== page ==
ASU+GSV EdTech Summit & Neurodiversity - Creatively Focused

ASU+GSV EdTech Summit & Neurodiversity

The latest trends and innovation in education technology can be found at the ASU+GSV Summit. The summit brings together educator leaders, administrators, technology experts, startup companies, and investors from all over the world to share ideas, discuss challenges, and explore new ways to improve teaching and learning. Creatively Focused was named as one of the Elite 200 Startup Companies at this year’s summit.  From the inspiring keynote speakers of Bill Gates, Sal Kahn, Sheryl Sandberg and others, to the informative breakout sessions including the recent advances in AI and ChatGPT, we were able to learn, connect, and share our solution to problems in special education. It was truly an amazing experience. 

Elizabeth Orme, Founder & CEO of Creatively Focused, was invited to speak at the summit on the panel,  Neurodiversity as an Asset: A Brave New World of Equal Access to the Future. She was joined on stage by Marker Learning CEO Stefan Bauer, Multiple CEO Dan Feshbach, Digital Promise Senior Director of Learner Variability Project Barbara Pape, IEP & Me Co-Founder & CEO Bridgette Leslie, and Difference Partners Founder & General Partner Jesse Morris.  

This topic is close to our hearts at Creatively Focused, capturing the groundbreaking work we are doing supporting special educators and neurodiverse students and teachers. Studies show that 1 in 5 students have a learning difference of some kind, so this topic is relevant to all educators.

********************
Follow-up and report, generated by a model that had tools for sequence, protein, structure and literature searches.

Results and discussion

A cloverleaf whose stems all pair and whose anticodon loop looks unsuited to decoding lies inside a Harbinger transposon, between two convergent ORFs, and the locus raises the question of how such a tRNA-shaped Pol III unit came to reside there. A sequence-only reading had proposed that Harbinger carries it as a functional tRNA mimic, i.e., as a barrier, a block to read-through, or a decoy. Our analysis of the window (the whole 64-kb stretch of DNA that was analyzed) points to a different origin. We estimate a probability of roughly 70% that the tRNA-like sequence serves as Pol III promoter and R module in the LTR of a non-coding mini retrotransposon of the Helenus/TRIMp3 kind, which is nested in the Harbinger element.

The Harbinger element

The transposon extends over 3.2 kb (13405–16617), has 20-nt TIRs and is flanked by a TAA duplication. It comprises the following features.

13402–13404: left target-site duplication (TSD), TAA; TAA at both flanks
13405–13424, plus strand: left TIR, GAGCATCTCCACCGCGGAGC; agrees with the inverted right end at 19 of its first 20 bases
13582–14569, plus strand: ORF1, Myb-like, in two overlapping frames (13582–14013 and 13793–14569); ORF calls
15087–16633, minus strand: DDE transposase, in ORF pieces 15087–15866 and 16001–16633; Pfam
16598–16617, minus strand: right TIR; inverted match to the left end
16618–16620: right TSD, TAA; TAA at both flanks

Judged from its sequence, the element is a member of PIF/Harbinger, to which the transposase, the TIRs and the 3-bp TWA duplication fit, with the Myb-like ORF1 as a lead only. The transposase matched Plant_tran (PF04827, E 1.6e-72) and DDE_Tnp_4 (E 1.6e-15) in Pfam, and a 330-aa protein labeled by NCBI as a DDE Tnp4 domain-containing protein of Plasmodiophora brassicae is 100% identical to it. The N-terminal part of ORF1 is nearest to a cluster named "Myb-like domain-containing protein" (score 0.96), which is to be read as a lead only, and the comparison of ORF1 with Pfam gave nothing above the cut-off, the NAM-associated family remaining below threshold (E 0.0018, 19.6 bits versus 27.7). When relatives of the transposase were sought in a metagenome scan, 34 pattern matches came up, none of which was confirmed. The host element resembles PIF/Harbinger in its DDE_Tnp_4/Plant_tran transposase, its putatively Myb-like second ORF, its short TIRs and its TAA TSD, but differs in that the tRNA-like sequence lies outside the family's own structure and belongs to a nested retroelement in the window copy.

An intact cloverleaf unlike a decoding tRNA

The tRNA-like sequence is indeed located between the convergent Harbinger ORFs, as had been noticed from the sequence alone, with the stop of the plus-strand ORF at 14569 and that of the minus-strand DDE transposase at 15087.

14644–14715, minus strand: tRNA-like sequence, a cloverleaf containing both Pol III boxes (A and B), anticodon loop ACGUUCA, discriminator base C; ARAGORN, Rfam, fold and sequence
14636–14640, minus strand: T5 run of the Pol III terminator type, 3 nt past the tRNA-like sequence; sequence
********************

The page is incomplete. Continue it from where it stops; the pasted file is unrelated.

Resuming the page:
Elizabeth’s passion and expertise in this area came through in the panel. She discussed the movement of recognizing teachers as learners, “What we are starting to see in districts is that we are caring about the adults. That has been a long time coming. We’re starting to think about the adults and the educators as learners.” Focusing on the teacher as a learner that needs to be supported is key to the work we do. Elizabeth brought up important questions that others might not be considering, such as, “How do we support neurodiverse new teachers?” 

During the introduction, Elizabeth shared the story of when she was a student and was able to be in the back of the room doing a handstand while studying her spelling words. She needed to move (and sometimes be upside down), and her teacher understood that and allowed her to learn in the way that worked for her. Elizabeth brings her unique perspective to education and the edtech space in innovative ways.

She looks at each individual with unique needs and thinks about how they can be supported. “In the work that we do, when we are working with teachers, we look at the best way that an adult learns. What is the best way that these different brains, working in phenomenal ways, can access all of this relevant information so that they can take care of all of the things that they need to do, so that they can really focus on relationships?”  

I left this panel uplifted by the companies and leaders that are tirelessly working to improve special education and support neurodiverse people in smart, systematic ways. The sense of community at the summit as a whole was electric. It was clear that everyone there was passionate about using technology to improve education, and it was inspiring to be surrounded by so many like-minded individuals. I had some great conversations with educators and edtech experts, and came away feeling energized and excited about the possibilities of what we can achieve together. 

Written by Shannon Hady, Leadership Integrator & former Special Education Para, Teacher, & Coordinator